Monday, May 08, 2006
 

How I Spent My Cinco de Mayo Weekend

Greets! I have returned from my anniversary jaunt to Portland, Oregon. I hadn't been in the Rose City since my senior year of high school with the Science Club. Before that, my grandparents would take me on their weekly trip to the stockyards to buy cattle when I was a kid. I still have (and fit in) my Oregon Museum of Science and History (OMSI) t-shirt from 1982 when they were doing their "Chips & Changes" exhibit about computers... which, in looking back, seems really odd because of how much computers have changed since then. Hotel listing from a travel book I wore that shirt on Saturday but we decided not to visit OMSI because that would require getting in the car or hopping a bus, which we didn't feel up to doing. Did I see right, that Waddles family dining turned into a Hooters? <shrug> Enroute there we stopped in Centralia for a bite and passed this rediculously large yardsale, which turned out to be one of those junk dealers we adore from Packwood's yearly communitywide yardsale. And I bought a stack of 45rpm singles. Okay, after we finally got the hell out of Washington, we wandered into Portland and tried to figure out where we were and how to get to where we wanted to go. After visiting a library in Hollywood to get directions, we made it downtown. We stayed at the Mark Spencer Hotel downtown, which came highly recommended by one of my wife's coworkers. I have to agree, it was pretty damn nice. First thing I noticed about the place is that it was rather elegantly laid out, with a real continental breakfast -- cereal, pastries, juice, little muffins, scones, coffee, and not one quartered Costco bagel in the vicinity -- and afternoon tea. Second thing I noticed is that they're nonchalent about rate shifts: they were up-front that Friday night would be $85 and Saturday night would be $115, plus $16 a day for their subterranian parking. We snapped that up and never drove again... but it was downtown Portland, pretty much everything we wanted to do (beside OMSI and finding a Kohl's department store, which has been rather vehemently advertised in Washington and Oregon without there being any stores in those states up until last month when 4 opened in Oregon) was right there within walking distance.

I didn't read the travel guide's description [above] until had already been enjoying the nightlife walking by, and my response was "well, duh..." In-room blowjobs! The room itself was indeed elegant, with a full kitchen, ironing board and iron, walk-in closet, air conditioner, Gideon's Bible, hotel stationery pad that was much more than 5 sheets thick, table and chairs, and hanging in the bathroom an in-room blowjob [left]. The building had a great fire escape, just like every other 3+ story building in town, and a rooftop deck with the largest potted lavendar I've ever seen. I took a lot of pictures, from the roof and fire escape as well as from walking around town looking up. If you're good, I might post some. The stated goal of this trip was to visit Powell's Books, the country's largest independant bookstore which occupies an entire city block for its main store and a couple smaller buildings for specialties (such as the Technical Books, which is a block away). That we did, repeatedly and daily. The best sarcastic comment came from this slacker chick at the helpdesk: a guy came up and asked if they had any books on HTML, and she said "Those are available at a computer store." I wish I could get away with shit like that. On the first night I got halfway through the humor section, it was that expansive.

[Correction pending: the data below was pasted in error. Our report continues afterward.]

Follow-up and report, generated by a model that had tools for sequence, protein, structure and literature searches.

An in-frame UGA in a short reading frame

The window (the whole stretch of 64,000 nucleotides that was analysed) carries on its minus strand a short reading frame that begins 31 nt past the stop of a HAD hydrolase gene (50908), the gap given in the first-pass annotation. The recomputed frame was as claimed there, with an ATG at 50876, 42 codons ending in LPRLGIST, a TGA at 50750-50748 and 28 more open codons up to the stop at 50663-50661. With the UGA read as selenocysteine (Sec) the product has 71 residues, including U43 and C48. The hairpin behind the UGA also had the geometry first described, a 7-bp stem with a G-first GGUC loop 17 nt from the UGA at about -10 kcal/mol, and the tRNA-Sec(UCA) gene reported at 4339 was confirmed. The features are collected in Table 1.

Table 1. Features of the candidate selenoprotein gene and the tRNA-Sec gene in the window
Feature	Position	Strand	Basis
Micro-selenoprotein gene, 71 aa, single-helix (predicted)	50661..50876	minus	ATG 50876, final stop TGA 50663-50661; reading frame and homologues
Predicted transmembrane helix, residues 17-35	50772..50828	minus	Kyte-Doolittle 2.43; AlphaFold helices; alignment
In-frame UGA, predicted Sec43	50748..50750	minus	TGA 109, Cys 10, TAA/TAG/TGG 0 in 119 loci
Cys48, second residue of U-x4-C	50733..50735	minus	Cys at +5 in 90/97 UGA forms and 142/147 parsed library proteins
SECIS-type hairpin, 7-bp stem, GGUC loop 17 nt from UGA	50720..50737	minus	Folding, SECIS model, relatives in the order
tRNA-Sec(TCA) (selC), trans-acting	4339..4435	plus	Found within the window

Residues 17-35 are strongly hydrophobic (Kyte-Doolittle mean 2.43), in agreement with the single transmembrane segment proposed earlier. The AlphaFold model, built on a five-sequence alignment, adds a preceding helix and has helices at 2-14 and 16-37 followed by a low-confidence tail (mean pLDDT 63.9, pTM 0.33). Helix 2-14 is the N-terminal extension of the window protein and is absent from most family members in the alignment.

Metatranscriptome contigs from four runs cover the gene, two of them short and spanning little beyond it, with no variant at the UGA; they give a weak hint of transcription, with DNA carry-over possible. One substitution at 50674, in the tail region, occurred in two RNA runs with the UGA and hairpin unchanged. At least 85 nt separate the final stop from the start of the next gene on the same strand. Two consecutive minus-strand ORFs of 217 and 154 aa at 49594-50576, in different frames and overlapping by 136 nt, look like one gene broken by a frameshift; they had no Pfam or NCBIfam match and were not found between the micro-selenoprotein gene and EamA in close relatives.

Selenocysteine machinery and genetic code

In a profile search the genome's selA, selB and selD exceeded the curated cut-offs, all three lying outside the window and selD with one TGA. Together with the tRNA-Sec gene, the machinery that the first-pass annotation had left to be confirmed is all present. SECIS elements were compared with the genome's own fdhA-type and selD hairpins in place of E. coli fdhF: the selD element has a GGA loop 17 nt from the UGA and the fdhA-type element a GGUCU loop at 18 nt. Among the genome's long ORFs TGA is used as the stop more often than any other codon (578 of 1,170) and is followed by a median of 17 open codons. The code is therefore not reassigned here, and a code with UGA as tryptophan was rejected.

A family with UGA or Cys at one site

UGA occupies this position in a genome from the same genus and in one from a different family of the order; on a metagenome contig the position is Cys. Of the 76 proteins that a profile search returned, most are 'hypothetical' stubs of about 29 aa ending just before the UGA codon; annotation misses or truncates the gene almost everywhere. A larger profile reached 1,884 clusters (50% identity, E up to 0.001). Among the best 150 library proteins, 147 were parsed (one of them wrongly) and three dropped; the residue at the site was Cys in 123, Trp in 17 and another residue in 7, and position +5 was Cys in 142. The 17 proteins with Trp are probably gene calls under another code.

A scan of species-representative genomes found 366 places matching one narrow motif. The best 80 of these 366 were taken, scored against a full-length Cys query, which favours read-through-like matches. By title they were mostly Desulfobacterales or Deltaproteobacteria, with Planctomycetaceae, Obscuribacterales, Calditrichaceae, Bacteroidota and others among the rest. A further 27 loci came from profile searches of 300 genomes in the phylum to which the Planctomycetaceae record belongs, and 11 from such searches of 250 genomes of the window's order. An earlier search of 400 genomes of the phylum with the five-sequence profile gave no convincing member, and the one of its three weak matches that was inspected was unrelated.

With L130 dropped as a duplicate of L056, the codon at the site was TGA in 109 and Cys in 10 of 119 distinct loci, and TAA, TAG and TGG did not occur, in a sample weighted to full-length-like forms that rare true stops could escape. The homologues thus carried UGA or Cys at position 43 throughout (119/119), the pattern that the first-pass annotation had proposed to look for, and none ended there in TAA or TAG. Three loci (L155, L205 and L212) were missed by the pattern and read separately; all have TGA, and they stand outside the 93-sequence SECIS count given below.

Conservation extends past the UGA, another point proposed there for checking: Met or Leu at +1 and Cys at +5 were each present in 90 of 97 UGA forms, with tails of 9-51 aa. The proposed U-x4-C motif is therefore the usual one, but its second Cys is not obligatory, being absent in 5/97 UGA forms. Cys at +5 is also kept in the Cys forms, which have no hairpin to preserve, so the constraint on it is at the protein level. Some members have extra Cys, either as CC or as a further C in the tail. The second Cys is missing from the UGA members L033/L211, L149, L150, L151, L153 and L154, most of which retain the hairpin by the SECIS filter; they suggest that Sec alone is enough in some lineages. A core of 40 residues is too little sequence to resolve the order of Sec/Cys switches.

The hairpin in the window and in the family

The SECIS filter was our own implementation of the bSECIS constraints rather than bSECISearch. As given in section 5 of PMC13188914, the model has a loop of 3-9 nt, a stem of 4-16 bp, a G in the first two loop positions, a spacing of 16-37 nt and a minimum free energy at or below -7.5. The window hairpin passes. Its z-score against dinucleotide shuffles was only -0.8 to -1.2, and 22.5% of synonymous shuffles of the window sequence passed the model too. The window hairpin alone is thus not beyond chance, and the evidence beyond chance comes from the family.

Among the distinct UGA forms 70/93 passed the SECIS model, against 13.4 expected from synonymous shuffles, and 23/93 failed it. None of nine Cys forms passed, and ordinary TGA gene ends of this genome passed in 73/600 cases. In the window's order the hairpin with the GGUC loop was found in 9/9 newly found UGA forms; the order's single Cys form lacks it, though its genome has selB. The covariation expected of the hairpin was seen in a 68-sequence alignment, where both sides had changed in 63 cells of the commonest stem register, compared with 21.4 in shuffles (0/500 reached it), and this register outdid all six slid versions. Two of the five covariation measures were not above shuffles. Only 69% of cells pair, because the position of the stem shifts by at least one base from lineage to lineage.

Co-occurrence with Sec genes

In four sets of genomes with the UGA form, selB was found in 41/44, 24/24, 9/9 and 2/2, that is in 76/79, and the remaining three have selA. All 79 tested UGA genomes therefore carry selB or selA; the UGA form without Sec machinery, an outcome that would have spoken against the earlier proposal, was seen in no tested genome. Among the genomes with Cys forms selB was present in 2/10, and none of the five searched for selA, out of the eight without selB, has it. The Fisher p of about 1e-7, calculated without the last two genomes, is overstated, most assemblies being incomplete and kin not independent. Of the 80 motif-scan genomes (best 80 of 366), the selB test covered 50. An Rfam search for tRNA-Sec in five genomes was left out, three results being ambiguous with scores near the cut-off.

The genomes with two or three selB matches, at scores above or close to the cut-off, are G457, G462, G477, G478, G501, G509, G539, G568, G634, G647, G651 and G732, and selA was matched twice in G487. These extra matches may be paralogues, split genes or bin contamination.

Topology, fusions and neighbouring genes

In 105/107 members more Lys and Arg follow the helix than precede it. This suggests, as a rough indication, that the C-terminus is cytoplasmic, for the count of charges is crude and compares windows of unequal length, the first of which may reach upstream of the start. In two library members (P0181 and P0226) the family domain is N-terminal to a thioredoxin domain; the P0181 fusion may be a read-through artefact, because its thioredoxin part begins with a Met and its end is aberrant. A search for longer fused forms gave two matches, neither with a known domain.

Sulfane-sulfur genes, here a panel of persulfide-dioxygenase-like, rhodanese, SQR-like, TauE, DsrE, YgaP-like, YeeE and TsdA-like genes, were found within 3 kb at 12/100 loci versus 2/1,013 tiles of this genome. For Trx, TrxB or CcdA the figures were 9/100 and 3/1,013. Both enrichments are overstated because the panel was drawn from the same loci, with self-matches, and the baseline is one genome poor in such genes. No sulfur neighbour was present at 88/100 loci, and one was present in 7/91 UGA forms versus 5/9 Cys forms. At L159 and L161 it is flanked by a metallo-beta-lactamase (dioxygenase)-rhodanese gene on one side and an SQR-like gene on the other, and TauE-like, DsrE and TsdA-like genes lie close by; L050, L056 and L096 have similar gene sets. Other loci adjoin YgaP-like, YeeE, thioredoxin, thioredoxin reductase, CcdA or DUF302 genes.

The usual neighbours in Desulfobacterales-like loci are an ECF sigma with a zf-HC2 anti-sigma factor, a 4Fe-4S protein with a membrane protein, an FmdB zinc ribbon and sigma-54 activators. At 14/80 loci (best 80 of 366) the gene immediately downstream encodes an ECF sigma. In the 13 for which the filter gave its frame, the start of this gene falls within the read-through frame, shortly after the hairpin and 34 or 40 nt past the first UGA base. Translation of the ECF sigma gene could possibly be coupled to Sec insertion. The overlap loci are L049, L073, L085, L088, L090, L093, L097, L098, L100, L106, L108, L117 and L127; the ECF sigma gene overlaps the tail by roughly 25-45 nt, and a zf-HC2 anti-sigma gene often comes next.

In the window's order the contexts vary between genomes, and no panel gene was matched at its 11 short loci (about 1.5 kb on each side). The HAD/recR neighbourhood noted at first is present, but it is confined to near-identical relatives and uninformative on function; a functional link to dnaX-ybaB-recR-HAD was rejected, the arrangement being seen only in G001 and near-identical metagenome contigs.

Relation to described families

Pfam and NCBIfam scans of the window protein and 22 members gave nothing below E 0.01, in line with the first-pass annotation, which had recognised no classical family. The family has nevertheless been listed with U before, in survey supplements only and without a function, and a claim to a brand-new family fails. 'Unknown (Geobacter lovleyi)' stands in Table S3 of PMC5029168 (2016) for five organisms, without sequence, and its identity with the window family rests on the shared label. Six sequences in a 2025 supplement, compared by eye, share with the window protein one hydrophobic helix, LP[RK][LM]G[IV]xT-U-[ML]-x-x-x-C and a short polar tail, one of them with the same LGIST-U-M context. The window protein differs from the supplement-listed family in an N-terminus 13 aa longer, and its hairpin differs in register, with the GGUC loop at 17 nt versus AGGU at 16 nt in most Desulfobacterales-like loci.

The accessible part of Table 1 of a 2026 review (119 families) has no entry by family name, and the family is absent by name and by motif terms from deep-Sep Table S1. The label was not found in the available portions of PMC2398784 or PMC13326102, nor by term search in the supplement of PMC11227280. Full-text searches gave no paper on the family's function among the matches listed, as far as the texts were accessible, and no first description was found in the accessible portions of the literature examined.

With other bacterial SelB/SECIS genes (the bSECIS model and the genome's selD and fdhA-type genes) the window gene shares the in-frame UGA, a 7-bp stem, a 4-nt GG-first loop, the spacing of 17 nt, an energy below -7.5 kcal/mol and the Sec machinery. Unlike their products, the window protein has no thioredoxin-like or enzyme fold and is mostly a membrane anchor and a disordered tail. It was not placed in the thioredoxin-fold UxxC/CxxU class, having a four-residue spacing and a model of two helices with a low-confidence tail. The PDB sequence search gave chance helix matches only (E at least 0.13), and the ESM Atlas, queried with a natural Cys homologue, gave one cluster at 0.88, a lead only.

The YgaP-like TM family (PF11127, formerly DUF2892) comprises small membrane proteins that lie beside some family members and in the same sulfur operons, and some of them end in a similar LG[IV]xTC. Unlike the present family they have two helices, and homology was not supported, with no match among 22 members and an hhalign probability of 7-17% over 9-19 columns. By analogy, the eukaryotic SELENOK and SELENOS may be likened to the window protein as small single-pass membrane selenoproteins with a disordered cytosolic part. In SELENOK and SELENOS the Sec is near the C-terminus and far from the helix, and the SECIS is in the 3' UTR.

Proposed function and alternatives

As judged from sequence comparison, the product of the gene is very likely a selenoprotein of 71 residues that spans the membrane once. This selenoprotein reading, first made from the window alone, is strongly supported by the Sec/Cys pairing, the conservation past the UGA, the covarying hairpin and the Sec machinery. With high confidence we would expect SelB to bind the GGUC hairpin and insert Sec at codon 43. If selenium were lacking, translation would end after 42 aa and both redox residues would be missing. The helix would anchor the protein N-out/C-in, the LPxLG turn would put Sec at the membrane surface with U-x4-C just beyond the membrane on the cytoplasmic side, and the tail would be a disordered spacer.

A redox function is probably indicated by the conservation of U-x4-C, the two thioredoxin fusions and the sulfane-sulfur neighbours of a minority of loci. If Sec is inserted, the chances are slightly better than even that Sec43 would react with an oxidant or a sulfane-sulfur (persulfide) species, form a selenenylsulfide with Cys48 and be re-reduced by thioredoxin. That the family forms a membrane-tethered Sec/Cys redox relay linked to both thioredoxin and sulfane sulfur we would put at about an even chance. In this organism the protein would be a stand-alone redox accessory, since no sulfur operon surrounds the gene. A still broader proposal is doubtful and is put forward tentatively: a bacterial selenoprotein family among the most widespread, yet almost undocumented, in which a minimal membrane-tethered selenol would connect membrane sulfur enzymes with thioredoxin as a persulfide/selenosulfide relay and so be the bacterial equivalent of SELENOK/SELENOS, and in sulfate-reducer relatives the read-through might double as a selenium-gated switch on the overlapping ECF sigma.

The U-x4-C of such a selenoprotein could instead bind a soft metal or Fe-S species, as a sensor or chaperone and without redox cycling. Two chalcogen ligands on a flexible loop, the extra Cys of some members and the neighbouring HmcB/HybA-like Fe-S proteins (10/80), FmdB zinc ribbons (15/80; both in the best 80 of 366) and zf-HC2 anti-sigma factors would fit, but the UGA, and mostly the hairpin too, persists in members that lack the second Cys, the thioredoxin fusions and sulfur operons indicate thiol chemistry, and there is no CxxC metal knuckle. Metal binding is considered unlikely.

Saturday morning I got up and went downstairs to pick up some continental breakfast food for both of us, barefoot with bleary eyes and pillow hair, and as usual when I'm looking my worst other people come into the picture. In this case, this cute young woman sitting at a table in the diningroom in a white undershirt and nothing underneath, small and perky and giving me a reason to get the gunk out of my eyes. Breakfast for my room was blackberry turnovers, chocolate chip scones, and chocolate chip-banana muffins with orange juice. (To answer the obvious question: no, Jamie, my wife stayed in bed and sent me for the food.) Once we'd eaten and gotten ourselves composed, we took a walk about ten blocks to visit the weekly Saturday Market, which definitely was not a farmer's market but a collection of hippy-trippy artisans and a whole lotta food booths. The gyro I had and the teriyaki-on-a-stick she had were the best such vittles we'd ever eaten, but I think that has a lot to do with differences in the health codes. The liquor laws are different too, apparently, as Oregon doesn't have a problem with public consumption of alcohol. We also went to a couple toy stores and a gallery which was said to have excellent kaleidescopes. Junior and Senior One of the toy stores had several editions of the Presidential Paper Doll series, and what I asked here recently was answered: there is a Shrub Junior paper doll set [right], and they also had the Shrub Senior set plus the Carter set... Amy is a preteen, the other two kids make an appearance, plus the colorful Lillian and Billy pay special visits. (I will share the Billy Carter paper doll in the future, it's a kick in the pants.) I didn't see a Clinton set but I didn't really look, I was distracted by the tater-tot pencil toppers. Across the street from the Saturday Market, this entire waterfront park was overrun with a massive Cinco de Mayo celebration that one had to pay to get into. We didn't, and the road between the two parties was being torn up, so the photo I took of Miller's End Park, listed in the Guinness Book of World Records as the world's smallest public park (it's a lightpost base that was the subject of regular jokes in a local paper years ago), shows it behind chainlink fencing. We got back to the room later on, really bushed, and she took a little nap while I went to visit my friend Oberon (King Of The Fairies) at Pioneer Park and shoot pictures of the wildlife that gathered there. Hi Jeff! He gave me a history lesson about the area, bought me a hot chocolate and tapped into free WiFi just because he could, and the two of us sat there gabbing in the wind as the homeless passersby passed until long after I pledged to be back to my room. One bit of amusement was that this security guard started hovering about these two guys sitting on the stairway in front of us, and I thought she was just going to harass them a bit. It wasn't until she stood in front of them and demanded to smell their cigarettes that a waft of potsmoke blew past me and I understood. Obie explained that in Oregon, possessing an ounce or less and using it privately isn't a big deal, but public use is a no-no and using it here in a designated no-drug-zone (despite the Legalize It rally that was happening right here hours earlier) is really a bad thing. The cops ticketed the dudes, I don't think they were arrested. We went back to my room, the three of us went to Powell's to continue our shopping extravaganza (and I finished the other half of the humor section), then he went home and we went in search of Old Town Pizza, which we'd heard so much about.